Love to be reckoned with: Mothers & Daughters

Jahan at 7 months with her Nani
I tried to think who, among all the people I love, do I love most? Who is, in the spirit of this month, my Valentine? My thought conjured up the face of my daughter, her smooth curly hair in a raised mess of ringlets at the nape of her neck, her wide toothy smile, her small dark eyes crinkled at the edges, shockingly like her father's. There is no greater love I feel than this love. I experience the sensation of something swelling in my chest, a weight spreading through me, like a tight fist at my heart slowly loosening, the fingers lazily raising from the palm, pushing this way and that. She is, quite simply, the love of my life. 

At the coattails of this overwhelming surge of emotion, another thought emerges. And who loves me this way, so fiercely, with forgiveness and understanding readily available for real and imagined offenses? Who feels the weight of their love for me so ferociously that it crushes them, makes them vulnerable? I am only now convinced, after having Jahan, that no one on god's green earth loves me as powerfully as my mother. No one else has the capacity to do so. Only a mother's heart is vast enough and tender enough to hold, nourish, and impart such love.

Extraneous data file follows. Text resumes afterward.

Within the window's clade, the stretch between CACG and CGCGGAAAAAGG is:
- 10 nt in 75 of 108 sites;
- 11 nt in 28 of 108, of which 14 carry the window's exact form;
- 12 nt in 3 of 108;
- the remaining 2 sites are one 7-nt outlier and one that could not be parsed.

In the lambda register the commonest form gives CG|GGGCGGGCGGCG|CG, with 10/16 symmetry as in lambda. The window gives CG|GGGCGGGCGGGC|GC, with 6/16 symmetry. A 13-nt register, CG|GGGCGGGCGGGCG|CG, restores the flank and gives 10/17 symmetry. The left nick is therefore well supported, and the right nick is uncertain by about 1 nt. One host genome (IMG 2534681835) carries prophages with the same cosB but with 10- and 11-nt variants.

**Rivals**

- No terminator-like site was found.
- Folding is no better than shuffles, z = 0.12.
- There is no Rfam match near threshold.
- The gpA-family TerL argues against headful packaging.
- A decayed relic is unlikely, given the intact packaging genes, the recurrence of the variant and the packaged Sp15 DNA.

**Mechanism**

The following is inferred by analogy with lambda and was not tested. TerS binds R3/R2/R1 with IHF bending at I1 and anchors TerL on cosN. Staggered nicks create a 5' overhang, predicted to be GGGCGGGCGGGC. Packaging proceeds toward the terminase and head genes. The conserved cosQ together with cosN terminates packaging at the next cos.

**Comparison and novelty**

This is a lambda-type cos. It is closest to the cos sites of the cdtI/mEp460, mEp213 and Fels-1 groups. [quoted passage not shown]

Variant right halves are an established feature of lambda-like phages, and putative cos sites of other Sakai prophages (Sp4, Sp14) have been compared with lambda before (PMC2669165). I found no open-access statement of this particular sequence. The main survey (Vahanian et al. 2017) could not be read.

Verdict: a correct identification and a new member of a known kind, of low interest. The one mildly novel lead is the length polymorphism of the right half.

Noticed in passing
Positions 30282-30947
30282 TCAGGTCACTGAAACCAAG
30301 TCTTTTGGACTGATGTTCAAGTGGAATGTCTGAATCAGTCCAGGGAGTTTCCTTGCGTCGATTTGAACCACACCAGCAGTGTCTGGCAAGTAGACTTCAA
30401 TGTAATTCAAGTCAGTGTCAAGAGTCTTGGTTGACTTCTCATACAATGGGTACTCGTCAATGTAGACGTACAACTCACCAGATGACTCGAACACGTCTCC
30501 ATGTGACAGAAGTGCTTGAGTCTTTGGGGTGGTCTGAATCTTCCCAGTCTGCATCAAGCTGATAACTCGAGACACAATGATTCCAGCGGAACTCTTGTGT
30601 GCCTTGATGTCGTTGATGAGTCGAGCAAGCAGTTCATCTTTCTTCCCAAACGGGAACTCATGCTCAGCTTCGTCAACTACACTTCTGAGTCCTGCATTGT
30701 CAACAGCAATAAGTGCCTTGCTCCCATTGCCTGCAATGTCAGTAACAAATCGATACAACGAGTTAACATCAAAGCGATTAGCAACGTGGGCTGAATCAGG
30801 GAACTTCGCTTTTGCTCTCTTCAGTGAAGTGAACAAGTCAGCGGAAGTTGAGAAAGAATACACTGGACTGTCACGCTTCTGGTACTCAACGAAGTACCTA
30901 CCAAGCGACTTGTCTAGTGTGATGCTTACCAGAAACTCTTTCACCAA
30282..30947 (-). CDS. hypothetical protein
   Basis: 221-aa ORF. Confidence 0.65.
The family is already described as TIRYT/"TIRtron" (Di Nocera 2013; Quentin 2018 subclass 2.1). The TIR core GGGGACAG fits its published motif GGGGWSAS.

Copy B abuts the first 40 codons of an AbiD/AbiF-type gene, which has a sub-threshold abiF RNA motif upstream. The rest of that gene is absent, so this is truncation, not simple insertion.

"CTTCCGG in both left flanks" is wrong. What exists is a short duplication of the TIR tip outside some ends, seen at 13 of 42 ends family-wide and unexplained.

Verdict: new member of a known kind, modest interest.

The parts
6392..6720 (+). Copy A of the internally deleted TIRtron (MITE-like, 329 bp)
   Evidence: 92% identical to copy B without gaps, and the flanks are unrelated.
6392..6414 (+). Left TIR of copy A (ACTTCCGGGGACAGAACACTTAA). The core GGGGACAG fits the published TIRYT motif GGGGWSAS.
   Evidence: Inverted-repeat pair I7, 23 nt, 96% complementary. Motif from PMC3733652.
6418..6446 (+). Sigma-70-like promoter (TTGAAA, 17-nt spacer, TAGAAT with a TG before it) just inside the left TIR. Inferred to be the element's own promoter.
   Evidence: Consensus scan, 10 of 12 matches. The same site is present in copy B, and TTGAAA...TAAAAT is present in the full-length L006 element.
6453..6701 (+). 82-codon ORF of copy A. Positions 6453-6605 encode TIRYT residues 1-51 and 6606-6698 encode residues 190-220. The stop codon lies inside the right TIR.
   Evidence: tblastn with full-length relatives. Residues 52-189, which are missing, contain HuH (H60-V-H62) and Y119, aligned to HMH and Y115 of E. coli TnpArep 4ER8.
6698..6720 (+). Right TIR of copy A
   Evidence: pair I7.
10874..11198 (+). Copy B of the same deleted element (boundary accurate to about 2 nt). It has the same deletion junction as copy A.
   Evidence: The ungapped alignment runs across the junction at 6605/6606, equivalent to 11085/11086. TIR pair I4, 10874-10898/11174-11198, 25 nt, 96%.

A poem I wrote back in 2008 is below. 

My Mother's Voice
My mother's voice is like her belly – 
four times pregnant and cut open,

loose now and soft – injured, healed, scarred.

I see you old mother,

young daughter,
in an embrace that is meant to cure 
pains and aches that run deeper than skin,
run deeper even than body.
You, old mother,
tighten your arms around that young thing
to erase all sorrow with the strength of years
of worry and prayer.
I see you two and think of my mother.

My mother's voice is aged with cancer –
the quiet, tricksy beast that ate her breast –
cracked, guarded, uncertain.

She says she is half the woman she used to be
with one breast gone.
I say to this warrior who birthed me,
your scars are battle wounds,
the one across your belly
and the one on your chest
make you twice the woman,
and to me,
twice the mother.

My mother's voice is like jasmine scent in my dreams.
She speaks and sings to heal my hurts,
because her voice can travel farther than her body.

Her voice can embrace me when she cannot. 

Read about LOVE on Goll Gappay this month and relate incidents where you have witnessed or experienced it.